Having finished the MLIS in 2013 the decision to keep these skills active was urgent. I needed to showcase these skills outside the confines of an institution. Also I now had the opportunity to utilise my free time while searching for a full-time position.
In 2013 I embarked on developing my skills in a different way to what I have envisioned. Furthermore I had enrolled for the “Hyperlinked Library MOOC” from San Jose State University so the transition from a student of the School of Library and Information Studies to becoming a facilitator was a strange yet exciting process.
However this process change my perspective on many elements of librarianship. Becoming involved in a global learning tool really opened my mind to the diversity of society’s mind and informational needs.
Having finished both the teaching and the learning I have found myself seeking literature surrounding these elements. These articles documented how librarians showcase how they reach out to teachers and guide them alongside their students. Librarians together with the ambitions of the teacher can utilise both of their skills in order to harness their students self-efficacy.
There are many ways this can be achieved. After some research into school librarianship and how librarians can introduce their skills into the many Massive Open Online Courses (MOOCs)that are now available, I shall outline how I can build on my skills and bring them forward into my career of librarianship.
The starting point of my research began by merging two aspects of librarianship that being academic and school libraries. Here the core goals of a librarian is to facilitate the teacher and the student.
Here I began my search with librarian bloggers and to my delight I came across Buffy Hamilton’s post which illustrates “librarians as instructional designers” (Hamilton, 2013). According to Hamilton the key to building a partnership with teachers is to adopt the Principles of backward design as a springboard for the students and a template for the teacher in order to progress at each stage of the project. This allows to secures two fundamental components of teaching: Identifying Common goals & Cultivating trust (Hamilton, 2013).
Moving away from the framework of a classroom based teaching to a more open and independent approach to learning again involving librarians and teachers. This relatively new approach to online learning has only surfaced in the last 5 years (Chant, 2013) a definition has been given by EDUCAUSE Library (2013) stating a MOOC is simply “a model for delivering learning content online to any person who wants to take a course, with no limits on attendance”.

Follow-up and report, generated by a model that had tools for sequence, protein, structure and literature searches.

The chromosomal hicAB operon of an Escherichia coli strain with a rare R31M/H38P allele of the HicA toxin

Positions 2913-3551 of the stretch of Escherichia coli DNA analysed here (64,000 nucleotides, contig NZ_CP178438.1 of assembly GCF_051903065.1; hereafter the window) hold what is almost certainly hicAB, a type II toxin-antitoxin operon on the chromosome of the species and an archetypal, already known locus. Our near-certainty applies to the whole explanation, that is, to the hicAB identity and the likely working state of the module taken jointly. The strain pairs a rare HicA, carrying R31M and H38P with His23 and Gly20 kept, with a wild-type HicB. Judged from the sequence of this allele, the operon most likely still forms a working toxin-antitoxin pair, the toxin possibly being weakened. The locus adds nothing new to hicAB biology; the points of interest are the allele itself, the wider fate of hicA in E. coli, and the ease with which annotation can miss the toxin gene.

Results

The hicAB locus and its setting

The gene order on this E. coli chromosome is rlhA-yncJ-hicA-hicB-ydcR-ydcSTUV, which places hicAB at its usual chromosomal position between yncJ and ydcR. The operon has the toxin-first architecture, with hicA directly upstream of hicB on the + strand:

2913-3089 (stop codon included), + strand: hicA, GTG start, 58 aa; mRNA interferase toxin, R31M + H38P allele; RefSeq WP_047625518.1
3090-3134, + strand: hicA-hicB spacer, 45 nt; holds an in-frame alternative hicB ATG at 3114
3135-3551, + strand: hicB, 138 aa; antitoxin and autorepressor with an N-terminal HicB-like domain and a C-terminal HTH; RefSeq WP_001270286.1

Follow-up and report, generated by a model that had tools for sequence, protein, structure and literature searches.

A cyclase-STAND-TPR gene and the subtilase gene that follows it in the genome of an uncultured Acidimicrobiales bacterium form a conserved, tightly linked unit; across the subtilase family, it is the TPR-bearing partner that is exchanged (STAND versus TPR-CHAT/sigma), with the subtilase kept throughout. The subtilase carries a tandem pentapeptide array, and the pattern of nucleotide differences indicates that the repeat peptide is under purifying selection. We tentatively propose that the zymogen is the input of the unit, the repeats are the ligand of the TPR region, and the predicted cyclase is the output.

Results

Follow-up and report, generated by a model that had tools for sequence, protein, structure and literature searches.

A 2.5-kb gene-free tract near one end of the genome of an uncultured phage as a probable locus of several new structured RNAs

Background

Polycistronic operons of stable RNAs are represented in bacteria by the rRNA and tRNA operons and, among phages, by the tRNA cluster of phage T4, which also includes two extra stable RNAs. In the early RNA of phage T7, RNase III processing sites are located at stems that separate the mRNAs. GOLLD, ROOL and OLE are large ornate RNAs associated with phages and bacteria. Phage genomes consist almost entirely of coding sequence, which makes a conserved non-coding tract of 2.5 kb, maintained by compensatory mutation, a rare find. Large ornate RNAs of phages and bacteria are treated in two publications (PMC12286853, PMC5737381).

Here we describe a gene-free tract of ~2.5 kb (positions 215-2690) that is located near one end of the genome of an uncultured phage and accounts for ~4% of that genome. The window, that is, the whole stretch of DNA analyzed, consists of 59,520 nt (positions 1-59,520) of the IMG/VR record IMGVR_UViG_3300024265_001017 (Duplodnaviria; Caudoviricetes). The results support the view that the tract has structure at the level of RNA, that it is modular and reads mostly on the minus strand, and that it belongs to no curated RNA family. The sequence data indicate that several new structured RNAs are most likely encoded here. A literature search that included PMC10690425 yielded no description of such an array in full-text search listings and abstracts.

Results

During the small time of teaching, my purpose was very clear in every activity and this purpose will stay with me throughout my career. This purpose is clearly mapped by Cantwell (2013) here she showcases how librarians can adapt their individual purposes in this emerging online learning environment. One finding within her research mirrors my personal purpose of librarianship, here she employs the idea of the role of a librarian as an information consultant as an individual who “cultivates active partnerships with students and scholars, collaborating on the design of meaningful learning experiences for students and providing relevant value-added information” (Frank, Raschke, Wood, Yang, pg.90, 2001).
Taking this purpose a step forward and marrying the above elements, however giving them the context of a public library, would the librarians strength of purpose be too ambitious? Cant (2013) gives many examples of how MOOCs have been introduced into a public library. Consider how certain programs that run throughout many libraries, now consider the way many elements of MOOCs can link readers and communities to other services within the library in person and virtually.
If libraries are adjusting their vision to incorporate the many elements of technology we as librarians have to keep abreast of the many new elements of learning guidelines. Taking Montiel-Overall & Grimes (2013) vision on 21st Century Learner Guidelines declaring that “librarians must be sure to target their information literacy instruction toward essential twenty-first century learning skills, to collaborate with members of the community and to implement inquiry-based learning approaches regarding the information search process”.
In conclusion, if my goals as a librarian are to cultivate the above ideas, until my time comes where I have the opportunity to establish these ideas in a working environment I shall keep searching for the best practises and examples to expand my self-efficacy.
B Hamilton. (2013, December 6). Librarians as Instructional Designers: Strategies for engaging conversations for learning. [Blog post]. Retrieved from http://theunquietlibrarian.wordpress.com/2013/12/06/librarians-as-instructional-designers-strategies-for-engaging-conversations-for-learning/
Cantwell, L. (2013). “MOOL” in a MOOC: Opportunities for Librarianship in the Expanding Galaxy of Massive Open Online Course Design and Execution. Policy Studies Organisation, 2, 47-71.
Chant, I. (2013). Opening up/ Next steps for MOOCs and Librarians. Library Journal, 1-4. Retrieved from http://lj.libraryjournal.com/2013/12/digital-content/opening-up/#_
EDUCAUSE Library. (2013). Massive Open Online Course (MOOC). Retrieved from http://www.educause.edu/library/massive-open-online-course-mooc
Montiel-Overall, P., & Grimes, K. (2012). Teachers and Librarians collaborating on inquiry-based science instruction: A longitudinal study. Library & Information Science Research, 35 (1), 41-53.